Lined up in café windows, served in specialty restaurants, and packed into their very own lunch boxes, sandwiches are everywhere in Denmark. They're piled high with pickled herring, spoonfuls of sharp horseradish cream, and mounds of fresh shrimp. But forget what you think you know about sandwiches; these guys are in a different class entirely. Allow me to introduce you to Denmark's—and my—favorite meal: smørrebrød.
'Denmark' on Serious Eats
This classic Danish open-faced sandwiche features pickled herring with rich butter and dense, tangy sourdough rye bread.
We asked our crew of beer experts—all Certified Cicerones—for their thoughts on the most exciting craft beer scenes outside the US. Here are their picks for the beer-producing nations you should definitely have on your radar.
Thanks to Absolut, I recently had the opportunity to visit Sweden to see vodka-making in action. But a girl's gotta eat in between studying and sipping all things vodka. From rich espresso and open-faced smørrebrød in Copenhagen to crayfish and reindeer in Sweden, here are some of my best bites and sips from my time in Scandinavia.
When drinking in watering holes in the border area between Germany and Denmark you'll often see a tall jar glass filled with rust-colored pickled eggs submerged in a slightly muddy-looking liquid on the table. In Denmark these are called "Solæg" and supposedly originated from the region of Southern Jutland (Jutland being the Danish peninsula connected to Northern Germany).
This week, I'm sticking to the Danish dogs I first talked about a few weeks ago. But this time around, let's move away from the traditional red sausages and on to real hot dogs: logs of meat shoved into a bun and topped with various good stuff.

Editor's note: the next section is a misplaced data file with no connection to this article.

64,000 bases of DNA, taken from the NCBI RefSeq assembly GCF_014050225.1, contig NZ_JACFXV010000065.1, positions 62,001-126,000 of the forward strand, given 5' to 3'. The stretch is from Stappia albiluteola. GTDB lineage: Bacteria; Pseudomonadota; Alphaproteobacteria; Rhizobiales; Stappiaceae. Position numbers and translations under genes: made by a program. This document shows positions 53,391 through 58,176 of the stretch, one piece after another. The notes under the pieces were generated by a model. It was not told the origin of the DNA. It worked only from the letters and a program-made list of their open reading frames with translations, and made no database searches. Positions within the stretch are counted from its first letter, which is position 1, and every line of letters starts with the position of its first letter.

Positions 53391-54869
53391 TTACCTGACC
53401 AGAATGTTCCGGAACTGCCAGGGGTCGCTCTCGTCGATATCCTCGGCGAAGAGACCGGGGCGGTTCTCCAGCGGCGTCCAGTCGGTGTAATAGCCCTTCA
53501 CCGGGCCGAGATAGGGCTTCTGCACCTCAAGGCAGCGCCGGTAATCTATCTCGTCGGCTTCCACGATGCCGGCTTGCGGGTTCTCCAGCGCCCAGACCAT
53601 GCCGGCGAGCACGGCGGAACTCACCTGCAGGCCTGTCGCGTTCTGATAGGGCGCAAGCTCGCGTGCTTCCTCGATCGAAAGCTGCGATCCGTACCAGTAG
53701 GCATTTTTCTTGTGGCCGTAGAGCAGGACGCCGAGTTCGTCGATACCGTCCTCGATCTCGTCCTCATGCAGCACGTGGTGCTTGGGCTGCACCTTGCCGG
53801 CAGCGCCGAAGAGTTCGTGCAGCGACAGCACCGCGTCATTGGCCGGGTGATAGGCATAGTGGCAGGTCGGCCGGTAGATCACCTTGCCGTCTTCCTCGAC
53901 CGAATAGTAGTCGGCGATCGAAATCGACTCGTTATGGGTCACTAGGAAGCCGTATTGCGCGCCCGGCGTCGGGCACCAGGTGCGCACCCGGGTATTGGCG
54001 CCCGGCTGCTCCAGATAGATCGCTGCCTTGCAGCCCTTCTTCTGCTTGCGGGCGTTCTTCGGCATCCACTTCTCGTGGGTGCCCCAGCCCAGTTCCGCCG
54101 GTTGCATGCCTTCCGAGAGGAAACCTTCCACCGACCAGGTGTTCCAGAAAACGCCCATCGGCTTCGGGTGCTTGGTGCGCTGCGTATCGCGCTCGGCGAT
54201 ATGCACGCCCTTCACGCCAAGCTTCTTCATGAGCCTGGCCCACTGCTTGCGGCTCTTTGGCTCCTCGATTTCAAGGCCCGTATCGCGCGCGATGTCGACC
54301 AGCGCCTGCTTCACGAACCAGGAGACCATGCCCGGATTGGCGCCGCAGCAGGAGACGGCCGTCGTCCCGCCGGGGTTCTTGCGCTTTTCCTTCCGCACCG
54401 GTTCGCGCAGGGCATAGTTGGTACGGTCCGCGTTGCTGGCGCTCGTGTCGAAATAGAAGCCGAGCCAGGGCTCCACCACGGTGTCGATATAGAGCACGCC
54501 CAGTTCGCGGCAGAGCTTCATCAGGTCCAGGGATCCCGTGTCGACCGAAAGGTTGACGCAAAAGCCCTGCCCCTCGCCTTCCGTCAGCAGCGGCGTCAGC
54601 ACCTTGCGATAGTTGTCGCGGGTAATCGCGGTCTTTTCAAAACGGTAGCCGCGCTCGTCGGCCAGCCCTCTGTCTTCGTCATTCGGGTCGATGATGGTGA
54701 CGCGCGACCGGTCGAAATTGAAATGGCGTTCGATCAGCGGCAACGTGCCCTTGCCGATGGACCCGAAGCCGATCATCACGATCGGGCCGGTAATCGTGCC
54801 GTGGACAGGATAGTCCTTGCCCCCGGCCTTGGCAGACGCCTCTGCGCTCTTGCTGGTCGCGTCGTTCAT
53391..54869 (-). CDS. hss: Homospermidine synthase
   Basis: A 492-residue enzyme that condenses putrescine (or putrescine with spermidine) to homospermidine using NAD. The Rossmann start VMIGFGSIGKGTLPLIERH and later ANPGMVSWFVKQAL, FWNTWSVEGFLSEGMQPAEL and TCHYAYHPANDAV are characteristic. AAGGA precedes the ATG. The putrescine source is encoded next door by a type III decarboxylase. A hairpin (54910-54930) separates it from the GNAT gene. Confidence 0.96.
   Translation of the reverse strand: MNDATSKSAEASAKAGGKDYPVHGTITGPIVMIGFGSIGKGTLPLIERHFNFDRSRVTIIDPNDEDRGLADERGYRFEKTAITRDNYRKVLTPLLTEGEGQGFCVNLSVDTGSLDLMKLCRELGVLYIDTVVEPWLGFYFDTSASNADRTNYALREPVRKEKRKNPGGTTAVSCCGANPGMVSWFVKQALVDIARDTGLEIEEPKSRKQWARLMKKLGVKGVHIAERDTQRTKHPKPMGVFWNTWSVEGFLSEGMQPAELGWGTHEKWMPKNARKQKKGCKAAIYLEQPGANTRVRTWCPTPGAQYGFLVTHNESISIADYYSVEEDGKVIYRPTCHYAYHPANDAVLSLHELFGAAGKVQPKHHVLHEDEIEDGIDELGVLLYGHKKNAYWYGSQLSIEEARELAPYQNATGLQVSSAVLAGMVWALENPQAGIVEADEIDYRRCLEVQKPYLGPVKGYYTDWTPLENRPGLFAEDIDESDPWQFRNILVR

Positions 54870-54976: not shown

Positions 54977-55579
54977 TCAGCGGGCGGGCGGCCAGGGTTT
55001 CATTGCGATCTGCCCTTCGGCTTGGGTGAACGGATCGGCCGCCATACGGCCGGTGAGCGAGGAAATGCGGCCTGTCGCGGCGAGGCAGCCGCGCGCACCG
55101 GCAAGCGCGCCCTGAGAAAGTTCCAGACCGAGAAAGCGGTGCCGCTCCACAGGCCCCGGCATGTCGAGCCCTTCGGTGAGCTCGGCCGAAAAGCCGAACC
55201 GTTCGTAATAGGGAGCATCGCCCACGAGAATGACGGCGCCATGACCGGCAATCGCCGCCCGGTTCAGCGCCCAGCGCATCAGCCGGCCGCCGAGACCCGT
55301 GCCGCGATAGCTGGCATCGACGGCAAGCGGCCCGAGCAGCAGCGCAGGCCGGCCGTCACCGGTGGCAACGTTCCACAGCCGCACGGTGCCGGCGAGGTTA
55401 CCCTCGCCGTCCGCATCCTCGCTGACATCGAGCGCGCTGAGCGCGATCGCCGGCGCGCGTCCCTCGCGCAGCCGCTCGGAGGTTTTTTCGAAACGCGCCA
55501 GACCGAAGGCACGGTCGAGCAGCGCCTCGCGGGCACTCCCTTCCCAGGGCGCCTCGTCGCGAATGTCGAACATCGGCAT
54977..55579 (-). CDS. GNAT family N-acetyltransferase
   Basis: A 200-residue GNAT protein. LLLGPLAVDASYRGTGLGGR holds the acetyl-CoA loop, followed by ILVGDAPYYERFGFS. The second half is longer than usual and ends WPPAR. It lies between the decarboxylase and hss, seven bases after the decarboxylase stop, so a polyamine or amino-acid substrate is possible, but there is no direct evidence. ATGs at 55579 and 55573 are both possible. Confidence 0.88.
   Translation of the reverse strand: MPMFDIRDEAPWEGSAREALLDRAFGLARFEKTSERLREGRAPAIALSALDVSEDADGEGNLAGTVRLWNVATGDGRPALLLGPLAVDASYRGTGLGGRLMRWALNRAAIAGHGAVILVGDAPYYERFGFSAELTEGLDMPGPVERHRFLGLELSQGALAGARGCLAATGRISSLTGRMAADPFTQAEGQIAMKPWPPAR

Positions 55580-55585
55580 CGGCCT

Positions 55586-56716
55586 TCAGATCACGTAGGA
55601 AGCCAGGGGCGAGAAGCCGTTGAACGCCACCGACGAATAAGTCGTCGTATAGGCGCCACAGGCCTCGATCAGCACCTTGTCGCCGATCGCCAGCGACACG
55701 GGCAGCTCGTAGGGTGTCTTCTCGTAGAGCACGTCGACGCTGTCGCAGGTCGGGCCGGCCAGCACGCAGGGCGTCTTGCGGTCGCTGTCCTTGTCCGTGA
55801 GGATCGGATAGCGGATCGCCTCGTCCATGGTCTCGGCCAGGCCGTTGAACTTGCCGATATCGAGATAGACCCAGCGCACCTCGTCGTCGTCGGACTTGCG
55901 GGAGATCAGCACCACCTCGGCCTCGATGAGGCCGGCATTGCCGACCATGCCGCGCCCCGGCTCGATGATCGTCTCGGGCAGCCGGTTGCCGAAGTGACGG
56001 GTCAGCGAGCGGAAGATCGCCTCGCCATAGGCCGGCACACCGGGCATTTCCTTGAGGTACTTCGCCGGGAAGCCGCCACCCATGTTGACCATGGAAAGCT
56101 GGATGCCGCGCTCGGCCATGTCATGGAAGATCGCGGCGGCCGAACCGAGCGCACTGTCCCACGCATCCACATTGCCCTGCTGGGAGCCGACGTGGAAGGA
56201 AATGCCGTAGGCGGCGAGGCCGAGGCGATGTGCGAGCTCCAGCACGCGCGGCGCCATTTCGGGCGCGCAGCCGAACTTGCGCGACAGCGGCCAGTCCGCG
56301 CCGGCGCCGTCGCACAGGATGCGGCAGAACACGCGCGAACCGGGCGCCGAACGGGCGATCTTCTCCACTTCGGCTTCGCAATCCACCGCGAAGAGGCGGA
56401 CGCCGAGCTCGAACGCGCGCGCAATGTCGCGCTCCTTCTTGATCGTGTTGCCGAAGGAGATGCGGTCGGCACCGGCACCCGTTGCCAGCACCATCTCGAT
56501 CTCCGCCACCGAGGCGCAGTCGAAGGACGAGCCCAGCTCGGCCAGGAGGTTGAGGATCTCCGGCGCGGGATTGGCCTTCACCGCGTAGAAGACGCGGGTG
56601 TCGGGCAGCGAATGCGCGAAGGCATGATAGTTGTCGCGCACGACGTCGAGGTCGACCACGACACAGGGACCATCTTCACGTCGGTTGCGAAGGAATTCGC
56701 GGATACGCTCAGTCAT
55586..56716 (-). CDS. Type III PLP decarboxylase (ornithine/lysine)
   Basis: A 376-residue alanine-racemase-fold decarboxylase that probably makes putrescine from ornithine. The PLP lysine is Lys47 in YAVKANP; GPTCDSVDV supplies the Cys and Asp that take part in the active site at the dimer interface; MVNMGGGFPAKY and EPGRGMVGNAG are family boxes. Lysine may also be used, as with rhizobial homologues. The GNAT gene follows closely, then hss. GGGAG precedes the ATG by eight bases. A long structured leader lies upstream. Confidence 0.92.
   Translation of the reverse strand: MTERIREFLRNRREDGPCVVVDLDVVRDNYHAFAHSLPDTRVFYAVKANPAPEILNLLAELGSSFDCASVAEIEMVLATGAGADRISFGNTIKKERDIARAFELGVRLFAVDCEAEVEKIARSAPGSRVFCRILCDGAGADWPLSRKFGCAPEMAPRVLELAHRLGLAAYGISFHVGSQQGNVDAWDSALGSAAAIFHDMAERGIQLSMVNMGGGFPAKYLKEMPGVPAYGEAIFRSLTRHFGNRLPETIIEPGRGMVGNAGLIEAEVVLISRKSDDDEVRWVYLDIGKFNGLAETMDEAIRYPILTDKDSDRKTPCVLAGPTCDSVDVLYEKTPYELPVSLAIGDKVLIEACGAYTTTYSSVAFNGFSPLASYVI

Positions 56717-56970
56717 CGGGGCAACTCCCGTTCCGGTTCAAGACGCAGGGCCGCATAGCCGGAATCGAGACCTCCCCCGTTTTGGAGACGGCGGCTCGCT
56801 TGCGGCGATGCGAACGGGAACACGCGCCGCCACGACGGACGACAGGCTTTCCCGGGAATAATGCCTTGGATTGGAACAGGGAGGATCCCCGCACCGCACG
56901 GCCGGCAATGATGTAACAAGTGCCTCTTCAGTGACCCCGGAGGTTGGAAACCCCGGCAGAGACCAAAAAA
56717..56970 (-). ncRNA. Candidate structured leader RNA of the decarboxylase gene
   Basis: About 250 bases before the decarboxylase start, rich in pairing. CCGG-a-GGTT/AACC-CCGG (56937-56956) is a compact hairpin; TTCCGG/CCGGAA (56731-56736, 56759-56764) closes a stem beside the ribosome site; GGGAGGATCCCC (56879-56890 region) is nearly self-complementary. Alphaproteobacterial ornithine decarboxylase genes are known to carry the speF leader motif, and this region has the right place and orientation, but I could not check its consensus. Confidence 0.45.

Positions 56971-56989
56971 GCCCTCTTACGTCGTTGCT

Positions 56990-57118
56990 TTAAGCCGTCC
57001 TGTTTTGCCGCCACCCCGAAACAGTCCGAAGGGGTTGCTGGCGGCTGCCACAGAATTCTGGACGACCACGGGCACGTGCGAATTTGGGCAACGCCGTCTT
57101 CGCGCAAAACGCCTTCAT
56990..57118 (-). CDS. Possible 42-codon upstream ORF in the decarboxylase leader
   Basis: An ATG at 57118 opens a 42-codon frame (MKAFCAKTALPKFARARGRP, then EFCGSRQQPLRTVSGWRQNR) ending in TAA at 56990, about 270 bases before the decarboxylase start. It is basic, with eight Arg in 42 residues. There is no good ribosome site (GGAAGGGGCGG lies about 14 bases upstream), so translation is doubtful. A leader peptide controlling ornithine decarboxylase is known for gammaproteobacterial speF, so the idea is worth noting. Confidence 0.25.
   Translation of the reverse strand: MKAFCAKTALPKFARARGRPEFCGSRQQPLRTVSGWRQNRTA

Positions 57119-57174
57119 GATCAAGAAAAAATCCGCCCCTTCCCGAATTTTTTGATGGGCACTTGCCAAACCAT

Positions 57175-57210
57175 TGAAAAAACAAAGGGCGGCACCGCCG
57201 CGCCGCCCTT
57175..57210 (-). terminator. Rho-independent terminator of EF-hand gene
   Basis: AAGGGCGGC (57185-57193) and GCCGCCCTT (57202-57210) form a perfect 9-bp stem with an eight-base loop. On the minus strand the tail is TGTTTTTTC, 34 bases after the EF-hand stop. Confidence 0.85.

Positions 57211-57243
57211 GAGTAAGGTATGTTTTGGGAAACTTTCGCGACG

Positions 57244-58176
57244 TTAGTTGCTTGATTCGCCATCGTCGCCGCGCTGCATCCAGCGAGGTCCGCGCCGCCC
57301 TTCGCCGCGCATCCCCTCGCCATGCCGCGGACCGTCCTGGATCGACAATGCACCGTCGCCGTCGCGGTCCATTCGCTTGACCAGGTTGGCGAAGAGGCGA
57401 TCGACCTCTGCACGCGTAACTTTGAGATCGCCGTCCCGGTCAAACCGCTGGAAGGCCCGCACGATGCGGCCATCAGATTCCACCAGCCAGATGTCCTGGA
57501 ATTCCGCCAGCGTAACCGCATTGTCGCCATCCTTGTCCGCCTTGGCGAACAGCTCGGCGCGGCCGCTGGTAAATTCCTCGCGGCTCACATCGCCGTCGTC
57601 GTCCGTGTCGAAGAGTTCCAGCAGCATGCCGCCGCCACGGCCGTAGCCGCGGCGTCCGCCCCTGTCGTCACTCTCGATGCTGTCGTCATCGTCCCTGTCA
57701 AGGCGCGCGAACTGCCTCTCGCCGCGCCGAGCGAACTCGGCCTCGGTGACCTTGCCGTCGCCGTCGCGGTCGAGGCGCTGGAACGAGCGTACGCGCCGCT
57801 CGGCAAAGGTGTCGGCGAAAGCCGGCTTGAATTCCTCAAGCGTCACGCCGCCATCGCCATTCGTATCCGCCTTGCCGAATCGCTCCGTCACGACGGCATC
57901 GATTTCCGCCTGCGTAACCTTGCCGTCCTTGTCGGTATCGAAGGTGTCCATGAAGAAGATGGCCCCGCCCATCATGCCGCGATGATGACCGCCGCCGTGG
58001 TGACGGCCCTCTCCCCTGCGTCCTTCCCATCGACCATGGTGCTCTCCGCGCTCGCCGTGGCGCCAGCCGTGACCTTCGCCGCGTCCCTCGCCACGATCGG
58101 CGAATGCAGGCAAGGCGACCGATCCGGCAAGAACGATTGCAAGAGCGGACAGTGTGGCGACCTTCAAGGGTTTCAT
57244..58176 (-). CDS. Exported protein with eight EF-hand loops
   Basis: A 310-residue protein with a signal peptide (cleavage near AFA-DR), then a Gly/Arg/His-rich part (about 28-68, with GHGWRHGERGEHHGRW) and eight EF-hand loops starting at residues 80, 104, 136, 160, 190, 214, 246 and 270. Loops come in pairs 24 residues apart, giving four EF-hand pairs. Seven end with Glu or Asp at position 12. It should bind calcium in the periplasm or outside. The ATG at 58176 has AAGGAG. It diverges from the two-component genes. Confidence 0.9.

Hot dogs. Probably the world's most popular fast food, and by far the ruler of Scandinavian street food. The three Scandinavian countries all have their own varieties and local traditions, but they all have one thing in common: They absolutely love hot dogs. From boiled to grilled, with or without condiments, homemade or bought at the local hotdog pusher; Scandinavians jump on every chance they get to grab a dog.
Here's an email we recently received in the AHT inbox. You can drop us a line at firstname.lastname@example.org with all your recs. [Photograph: Google Maps] I have to admit—I'm not a big hamburger eater. I don't eat a lot of...
"The signature of the Danish Hot Dog is the mountain of crispy fried onions—pretty much exactly like the canned French fried onions." [Original artwork: Hawk Krall] Past Weeks' Dogs 24th & Passyunk TruckTexas TommyPhilly Dirty Water DogChicago Dog This week marks the first Hot Dog of the Week outside of North America. Unique hot dog styles are evolving on every corner of the planet. Brazil alone has three or four unique styles. Japan probably invented four new hot dogs while I wrote this article. European hot dog variations are extra fascinating because the dogs themselves are closer to the original German wieners, yet many of the serving styles and toppings are influenced by American hot dog variations. I was thrilled...
Lots of empty beer bottles + lots of extra time + lots of space = beer bottle dominoes. In this video taken at Cafeen in Denmark, hundreds of bottles topple over, seemingly without any purpose, until the end when the last bottle falls over and it turns out it's a Rube Goldberg machine—which still means it doesn't have much of a purpose. But at least it looks cool and makes fun clinking sounds. Watch the video after the jump....